Is it just me or does everyone have an Instant Pot these days? I haven’t jumped on the purchase wagon yet, but seeing all these delicious recipes people are creating in their Instant Pots has me pulling out my crock pot more and more often—it may be slower, but it has the benefit of already being a staple in my kitchen, and suits my cooking preferences (protein-rich, healthy-ish, and as little work as possible) just perfectly.
Lately, I’ve found myself gravitating toward a few comfort-food crock pot recipes that meet all the criteria above and also make me feel all cozy and warm inside. As long as cold and flu season insists on sticking with us, I’m sticking with winter comfort foods, thankyouverymuch.
One of my staples for an easy dish that you can serve at any meal is shakshuka. I first tried shakshuka in Israel years ago, and have been obsessed with it ever since. This spicy tomato egg dish is the ultimate savory comfort food, and, you get to sop up all that yummy sauce mixed with egg yolks with a bagel or bread of your choice.
Even though it’s often made in a skillet, it’s incredibly easy to make in a crock pot, with ingredients you probably already have on hand. You let the crock pot do the hard work—poaching the eggs—for you, and I think slow cooking just lets the flavors and spices in the sauce meld and bloom even better.
You cook the sauce first, then add the Eggland’s Best eggs toward the end, which lets you get fairly precise about how cooked you want your eggs. My preference, of course, is a nice runny yolk—it runs into the tomato sauce and gives it an extra richness. Plus you get that picture-perfect, bright yellow yolk swimming in the vibrant red sauce. I use Eggland’s Best Eggs because they have 6 times as much Vitamin D as other eggs—so necessary to get enough of in the winter—and those extra-bright yolks help give an extra shot of rich color in my food photos. Perfection.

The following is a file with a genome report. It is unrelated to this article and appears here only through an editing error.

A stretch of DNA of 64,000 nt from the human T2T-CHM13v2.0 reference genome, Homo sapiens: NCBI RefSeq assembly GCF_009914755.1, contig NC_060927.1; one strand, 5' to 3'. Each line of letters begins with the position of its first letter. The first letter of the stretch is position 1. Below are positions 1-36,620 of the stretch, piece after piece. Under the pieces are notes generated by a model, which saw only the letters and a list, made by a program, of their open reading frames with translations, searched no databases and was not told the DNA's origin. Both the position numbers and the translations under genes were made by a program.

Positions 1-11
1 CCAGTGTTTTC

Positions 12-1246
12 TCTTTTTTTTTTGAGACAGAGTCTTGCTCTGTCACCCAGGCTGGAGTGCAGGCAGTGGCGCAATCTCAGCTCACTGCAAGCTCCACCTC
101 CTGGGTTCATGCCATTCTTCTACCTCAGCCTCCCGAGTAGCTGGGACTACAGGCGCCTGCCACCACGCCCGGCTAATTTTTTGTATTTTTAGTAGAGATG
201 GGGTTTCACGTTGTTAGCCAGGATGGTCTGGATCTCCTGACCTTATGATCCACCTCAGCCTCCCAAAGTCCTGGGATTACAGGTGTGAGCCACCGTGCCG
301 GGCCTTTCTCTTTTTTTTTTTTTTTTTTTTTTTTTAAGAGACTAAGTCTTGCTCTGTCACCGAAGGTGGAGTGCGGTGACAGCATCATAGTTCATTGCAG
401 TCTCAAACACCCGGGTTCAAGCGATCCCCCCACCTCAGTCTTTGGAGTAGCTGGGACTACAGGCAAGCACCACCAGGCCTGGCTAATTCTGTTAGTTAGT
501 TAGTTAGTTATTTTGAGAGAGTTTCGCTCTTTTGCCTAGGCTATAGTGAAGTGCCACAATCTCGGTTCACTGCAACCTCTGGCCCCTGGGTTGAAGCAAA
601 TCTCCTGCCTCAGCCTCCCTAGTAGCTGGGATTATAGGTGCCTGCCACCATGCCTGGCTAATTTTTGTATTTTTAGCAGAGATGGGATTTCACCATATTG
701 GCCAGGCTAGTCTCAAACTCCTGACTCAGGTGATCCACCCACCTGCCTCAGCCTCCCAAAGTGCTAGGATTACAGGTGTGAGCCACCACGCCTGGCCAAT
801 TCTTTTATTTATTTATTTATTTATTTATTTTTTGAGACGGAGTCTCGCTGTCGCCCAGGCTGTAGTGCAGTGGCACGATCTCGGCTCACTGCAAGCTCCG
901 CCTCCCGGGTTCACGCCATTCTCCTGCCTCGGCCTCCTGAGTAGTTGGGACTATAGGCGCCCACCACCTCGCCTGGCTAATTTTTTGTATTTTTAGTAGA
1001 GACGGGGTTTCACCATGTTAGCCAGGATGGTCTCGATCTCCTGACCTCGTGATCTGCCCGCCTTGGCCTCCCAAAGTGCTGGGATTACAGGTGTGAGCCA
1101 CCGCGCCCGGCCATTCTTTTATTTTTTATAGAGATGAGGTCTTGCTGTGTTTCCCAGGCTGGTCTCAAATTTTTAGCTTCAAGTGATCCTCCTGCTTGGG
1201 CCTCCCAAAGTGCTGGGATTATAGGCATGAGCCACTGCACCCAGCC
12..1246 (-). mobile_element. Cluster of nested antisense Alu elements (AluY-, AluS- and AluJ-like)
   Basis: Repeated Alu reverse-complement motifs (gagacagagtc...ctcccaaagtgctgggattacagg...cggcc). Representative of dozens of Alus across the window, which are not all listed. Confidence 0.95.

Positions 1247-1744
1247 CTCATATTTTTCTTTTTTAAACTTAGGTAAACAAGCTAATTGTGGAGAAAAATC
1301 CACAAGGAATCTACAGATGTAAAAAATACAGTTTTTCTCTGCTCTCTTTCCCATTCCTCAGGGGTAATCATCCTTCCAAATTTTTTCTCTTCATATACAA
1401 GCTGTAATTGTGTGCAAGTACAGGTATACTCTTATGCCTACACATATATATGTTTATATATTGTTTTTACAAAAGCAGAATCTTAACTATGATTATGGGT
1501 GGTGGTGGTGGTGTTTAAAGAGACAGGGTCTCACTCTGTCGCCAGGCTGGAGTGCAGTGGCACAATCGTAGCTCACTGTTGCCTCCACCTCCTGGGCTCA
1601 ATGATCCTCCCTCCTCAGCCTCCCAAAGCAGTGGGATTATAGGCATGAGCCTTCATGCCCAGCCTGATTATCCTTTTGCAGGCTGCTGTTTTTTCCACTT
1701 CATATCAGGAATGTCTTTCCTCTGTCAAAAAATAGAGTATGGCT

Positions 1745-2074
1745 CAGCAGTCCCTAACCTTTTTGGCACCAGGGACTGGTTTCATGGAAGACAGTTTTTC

When I was a kid, steamed rice was on our plates basically every night of the week, and as a result, rice-based dishes are the ultimate comfort food for me. They immediately take me back to a happy, warm, safe place.
I’m telling you about my profound love for rice because I want you to know just how delightful the cauliflower substitution in this recipe is. It works. You don’t miss the rice at all, even if you are rice’s #1 fan.
Making risotto in the crock pot saves you all that time standing over the stove and stirring, and it’s basically foolproof. And since cauliflower cooks faster than rice, well, it’s also a fairly quick crock pot recipe.
To make this dish extra easy, I buy riced cauliflower (my food processor is on the fritz, and I decided recently I’ve spent too much of my life cleaning up scattered cauliflower nubs after doing a fine chop myself).
The cauliflower is of course just one way to boost the nutrient profile of this dish, and to transform a food normally associated with carbo loading and food comas into a nutritional powerhouse. To amplify the protein, I use bone broth, and top it with a fried or poached EB egg or two. The yolks just add to the creamy, rich deliciousness, and of course boost the nutrient content with more than double the Vitamin B12, E, and omega 3s.
If you have leftovers, why not try making my favorite food ever, arancini? And then let me know how it goes? 🙂
Japanese Egg Custard (Chawan Mushi)
Usually when you hear the word custard, you think of a dessert, but this Japanese dish is an appetizer or breakfast food that gives you that glorious silky texture of a custard with a savory flavor profile. Like an omelet or an egg bake, you can easily add fillings—I’ve seen chawan mushi adapted with shrimp, mushrooms, and other veggies—but I like mine straight up, because I don’t want any interruptions to the silky sensation of custard on my tongue.
On the scale of custards, it’s perhaps the most delicate one I’ve tried. Creme brulee is creamy; flan is jiggly; this one trembles and slides. It’s so simple and customizable but feels fancy to eat and to serve. No one needs to know it’s just a few ingredients combined in a crock pot.
You will need a couple of specialty ingredients, namely dashi, a Japanese broth, and mirin, rice wine, both of which can be found at Japanese shops or specialty grocery stores. In a pinch you can use regular ol’ chicken or vegetable broth and sake or dry white wine. And, of course, Eggland’s Best Eggs, to get the most nutrition out of this simple dish—luckily those are really easy to find, no matter where you are.
Those are the three easy, protein-packed crock pot recipes I currently have on constant rotation. They seem way fancier than crock pot creations, don’t they? It just means I get to go on a culinary tour around the world, thanks to my crock pot, every single week.
What’s your protein-rich go-to for the slow cooker? Please share!